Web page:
Your answer is most likely the poinsettia. Native to Central America and Mexico, this gorgeous plant found its way to North America thanks to a fellow named Joel Roberts Poinsett, the first United States Ambassador to Mexico.
Poinsett was the son of a French physician and although he attended medical school, he found that his real passion in the field of science was botany. While visiting the Taxco del Alarcon area in Southern Mexico in 1828, he fell in love with the poinsettias growing wild. He immediately sent some back to his home state of South Carolina where he maintained hot houses, and began to propagate them for friends and botanical gardens. The plant began to spread among circles and by about 1836, the plant began to be known as a poinsettia, its namesake from the man who brought it to our country. In honor of Poinsett, the United States Congress declared December 12 National Poinsettia Day, the same day of Poinsett’s death in 1851.
In its country of origin, the poinsettia holds its own rich history and legends. The Aztecs used the plant for many purposes; they used it to decorate with, to extract a purplish-red dye used in cosmetics and textiles, and as a medicine. The milky white sap was mixed into a tonic to reduce fevers.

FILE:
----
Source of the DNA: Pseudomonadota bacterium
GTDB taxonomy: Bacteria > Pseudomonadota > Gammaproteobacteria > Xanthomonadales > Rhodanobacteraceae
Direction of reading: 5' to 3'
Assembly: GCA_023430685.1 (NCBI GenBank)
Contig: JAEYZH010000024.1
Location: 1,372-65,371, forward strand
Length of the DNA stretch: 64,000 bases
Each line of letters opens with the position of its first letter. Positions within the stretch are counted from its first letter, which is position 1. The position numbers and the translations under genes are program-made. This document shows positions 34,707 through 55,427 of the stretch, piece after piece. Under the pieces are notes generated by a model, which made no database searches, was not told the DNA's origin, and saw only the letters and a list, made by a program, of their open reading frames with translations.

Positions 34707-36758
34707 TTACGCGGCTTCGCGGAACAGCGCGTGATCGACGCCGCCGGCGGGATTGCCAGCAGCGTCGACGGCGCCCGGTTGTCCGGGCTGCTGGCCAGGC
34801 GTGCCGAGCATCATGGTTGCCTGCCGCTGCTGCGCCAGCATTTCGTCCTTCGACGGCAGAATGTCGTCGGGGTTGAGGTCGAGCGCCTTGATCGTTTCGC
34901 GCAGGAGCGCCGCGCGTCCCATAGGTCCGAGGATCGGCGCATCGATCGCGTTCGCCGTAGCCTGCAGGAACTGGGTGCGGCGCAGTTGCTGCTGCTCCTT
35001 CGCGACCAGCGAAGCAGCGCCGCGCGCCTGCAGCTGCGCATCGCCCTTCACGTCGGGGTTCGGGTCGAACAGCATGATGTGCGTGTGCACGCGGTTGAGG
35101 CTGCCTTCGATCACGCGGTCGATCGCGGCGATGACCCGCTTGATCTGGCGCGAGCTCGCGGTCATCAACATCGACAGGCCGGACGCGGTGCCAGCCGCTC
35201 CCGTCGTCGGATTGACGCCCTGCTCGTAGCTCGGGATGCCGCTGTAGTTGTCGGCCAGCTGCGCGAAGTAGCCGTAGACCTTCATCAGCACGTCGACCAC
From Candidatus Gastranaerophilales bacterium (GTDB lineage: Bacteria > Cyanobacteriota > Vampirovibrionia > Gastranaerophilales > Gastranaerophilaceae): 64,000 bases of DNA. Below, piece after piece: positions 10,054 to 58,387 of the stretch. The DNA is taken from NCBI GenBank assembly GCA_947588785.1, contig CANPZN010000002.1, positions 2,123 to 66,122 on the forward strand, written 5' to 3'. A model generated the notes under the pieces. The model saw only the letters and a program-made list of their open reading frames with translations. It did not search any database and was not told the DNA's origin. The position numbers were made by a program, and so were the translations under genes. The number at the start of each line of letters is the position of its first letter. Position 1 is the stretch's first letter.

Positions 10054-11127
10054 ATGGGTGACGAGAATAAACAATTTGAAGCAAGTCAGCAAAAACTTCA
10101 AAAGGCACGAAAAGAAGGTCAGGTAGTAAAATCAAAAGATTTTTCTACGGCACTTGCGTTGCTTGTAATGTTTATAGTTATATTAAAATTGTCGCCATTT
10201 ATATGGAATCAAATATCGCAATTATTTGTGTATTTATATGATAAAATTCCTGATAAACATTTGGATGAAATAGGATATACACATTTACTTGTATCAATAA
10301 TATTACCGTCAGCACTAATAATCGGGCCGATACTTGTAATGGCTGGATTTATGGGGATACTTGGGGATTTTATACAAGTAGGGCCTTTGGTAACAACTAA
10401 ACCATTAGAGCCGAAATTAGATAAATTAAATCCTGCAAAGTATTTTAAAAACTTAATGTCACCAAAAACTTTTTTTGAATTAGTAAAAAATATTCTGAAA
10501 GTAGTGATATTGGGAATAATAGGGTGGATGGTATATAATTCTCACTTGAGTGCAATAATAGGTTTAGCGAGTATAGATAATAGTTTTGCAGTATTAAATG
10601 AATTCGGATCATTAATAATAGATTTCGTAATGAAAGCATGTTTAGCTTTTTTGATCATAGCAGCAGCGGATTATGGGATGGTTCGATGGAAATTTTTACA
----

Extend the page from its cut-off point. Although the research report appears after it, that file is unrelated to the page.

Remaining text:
Its association with Christmas, however, began in the 16th Century in Mexico when the beautiful story is told of a young girl who was too poor to buy a gift to bring to the altar for Jesus’ birthday. An angel visited her and encouraged the girl to pick weeds from the side of the road to place at the foot of the altar. Vermillion colored flowers sprung from the weeds and became dazzling poinsettias. Those who were watching felt they had witnessed a Christmas miracle. From that day forward, bright red flowers were known as Flores de Noche Buena or Flowers of the Holy Night. As they bloom each year during the season of Christmas, the legend of the poinsettia was born.
With its star like formation said to symbolize the Star of Bethlehem and its red color representing the blood sacrifice of the crucifixion of Jesus, it is no wonder we decorate our homes and give gifts of poinsettias at Christmas time.
We have some of the most vibrant selections of poinsettias in Houston. Stop by and pick up your poinsettias this week before National Poinsettia Day and if you haven’t put up a Christmas tree yet, we have plenty left!